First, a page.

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“Gentleman in the baseball cap there!” Brown physics professor Stephon Alexander ’00 PhD, who was standing before a screen of MC Rakim lyrics, called to a late-middle-aged white man two-thirds of the way up in the Friedman auditorium. “I want you to drop this rhyme.”

Frank Mullin
Physics professor and jazz saxophonist Stephon Alexander '00 PhD believes music and physics share more than you might think.
Not your average physics lecture, but Alexander, a jazz saxophonist, is not your average physicist. Growing up a black kid in the Bronx, Alexander said, “I was very much looking for role models that vindicated my inner scientist.” He found it in rap music, he said, especially that of Rakim, who was interested in science. Conversely, Einstein, whom Alexander first discovered in a comic book during high school detention, was deeply interested in music. Alexander wound up earning two master’s degrees, one in music and one in science, and a Brown doctorate in physics. Along the way he jammed in the Providence downtown jazz scene, two worlds, he said, “sociologically very different.” 

While a post-doc at London’s Imperial College rubbing elbows with physics enthusiast Brian Eno, he found that music and physics were more closely related than he’d thought, going all the way back to Pythagoras’s “harmony of the spheres.” Music’s formal structure, Alexander says, inspired seventeenth-century astronomer Johannes Kepler’s Laws of Motion, and Einstein was an influence on John Coltrane.

At the forum, Alexander drew sound waves on a whiteboard, which, he said, are common to both physics and music. The complex arrangement of sound waves produced by music harmonies, he explained, is also found in the structure of the universe: understand music, and you can understand physics. “You already know the Fourier Transform,” he told the audience, referring to an important concept in physics and math. “You know do, re, mi, fa, so, la, ti, do; you saw the Sound of Music as a kid.”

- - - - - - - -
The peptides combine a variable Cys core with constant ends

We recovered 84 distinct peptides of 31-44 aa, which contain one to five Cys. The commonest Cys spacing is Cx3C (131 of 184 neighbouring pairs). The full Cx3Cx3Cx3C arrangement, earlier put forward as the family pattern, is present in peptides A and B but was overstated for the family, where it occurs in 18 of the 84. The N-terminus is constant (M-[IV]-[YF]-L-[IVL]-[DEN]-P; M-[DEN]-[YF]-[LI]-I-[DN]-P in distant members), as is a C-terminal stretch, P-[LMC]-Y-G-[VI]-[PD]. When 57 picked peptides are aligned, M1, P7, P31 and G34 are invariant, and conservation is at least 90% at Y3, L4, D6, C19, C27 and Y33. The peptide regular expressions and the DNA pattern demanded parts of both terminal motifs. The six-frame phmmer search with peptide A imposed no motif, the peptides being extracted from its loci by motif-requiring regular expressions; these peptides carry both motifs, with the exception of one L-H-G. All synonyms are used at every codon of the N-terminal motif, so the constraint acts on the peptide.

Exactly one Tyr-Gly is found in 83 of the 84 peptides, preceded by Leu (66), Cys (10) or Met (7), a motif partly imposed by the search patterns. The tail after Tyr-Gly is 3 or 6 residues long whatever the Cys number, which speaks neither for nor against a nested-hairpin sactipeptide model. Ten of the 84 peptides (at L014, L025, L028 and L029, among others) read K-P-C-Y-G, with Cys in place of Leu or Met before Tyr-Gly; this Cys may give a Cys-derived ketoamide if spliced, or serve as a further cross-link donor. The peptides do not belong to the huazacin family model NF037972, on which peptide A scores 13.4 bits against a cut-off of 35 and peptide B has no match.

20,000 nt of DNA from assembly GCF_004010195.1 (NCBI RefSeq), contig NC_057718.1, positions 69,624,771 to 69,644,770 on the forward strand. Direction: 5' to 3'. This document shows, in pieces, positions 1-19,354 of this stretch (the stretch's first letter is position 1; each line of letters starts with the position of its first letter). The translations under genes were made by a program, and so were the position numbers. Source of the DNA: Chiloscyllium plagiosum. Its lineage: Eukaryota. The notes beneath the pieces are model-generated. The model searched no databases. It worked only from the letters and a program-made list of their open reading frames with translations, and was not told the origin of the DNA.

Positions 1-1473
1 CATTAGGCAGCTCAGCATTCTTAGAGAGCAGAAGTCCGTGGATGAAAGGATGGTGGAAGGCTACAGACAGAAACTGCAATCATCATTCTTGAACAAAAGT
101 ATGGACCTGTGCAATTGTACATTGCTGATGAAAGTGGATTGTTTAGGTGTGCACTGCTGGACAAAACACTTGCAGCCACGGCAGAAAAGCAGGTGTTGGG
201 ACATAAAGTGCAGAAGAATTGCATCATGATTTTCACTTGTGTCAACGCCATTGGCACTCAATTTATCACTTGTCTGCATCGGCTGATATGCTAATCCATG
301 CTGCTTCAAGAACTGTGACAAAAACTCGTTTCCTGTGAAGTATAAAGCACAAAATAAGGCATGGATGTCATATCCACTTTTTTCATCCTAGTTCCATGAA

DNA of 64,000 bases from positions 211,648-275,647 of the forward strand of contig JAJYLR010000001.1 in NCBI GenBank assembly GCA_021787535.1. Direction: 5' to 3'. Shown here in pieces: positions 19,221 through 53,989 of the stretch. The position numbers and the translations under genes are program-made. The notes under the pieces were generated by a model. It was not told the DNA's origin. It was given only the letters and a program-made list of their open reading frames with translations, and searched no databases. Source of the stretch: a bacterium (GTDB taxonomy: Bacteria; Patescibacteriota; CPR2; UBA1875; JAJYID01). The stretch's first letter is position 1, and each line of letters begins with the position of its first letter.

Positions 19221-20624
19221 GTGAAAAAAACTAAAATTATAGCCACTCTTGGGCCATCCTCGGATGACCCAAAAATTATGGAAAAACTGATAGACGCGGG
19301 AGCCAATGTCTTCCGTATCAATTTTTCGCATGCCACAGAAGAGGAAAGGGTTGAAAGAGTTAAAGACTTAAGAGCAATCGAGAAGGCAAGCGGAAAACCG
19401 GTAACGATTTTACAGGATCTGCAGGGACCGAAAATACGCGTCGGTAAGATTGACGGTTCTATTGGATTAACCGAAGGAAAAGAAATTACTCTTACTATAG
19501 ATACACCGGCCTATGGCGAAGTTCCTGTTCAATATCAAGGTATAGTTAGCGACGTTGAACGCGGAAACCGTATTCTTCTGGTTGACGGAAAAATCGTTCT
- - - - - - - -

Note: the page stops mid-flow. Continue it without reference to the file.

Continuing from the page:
At this point in the lecture, Alexander’s friend Marx Njoroge ’99 handed Alexander his saxophone, and the professor played a few cosmic jazz riffs. To understand the physics of how the universe is organized, Alexander claimed, “the best and truest route is to understand how [musical] instruments work.” 

And for those listeners still puzzled, Alexander took time afterward to sign copies of his 2016 book, The Jazz of Physics, which, he assured them, would explain it all in much greater depth.

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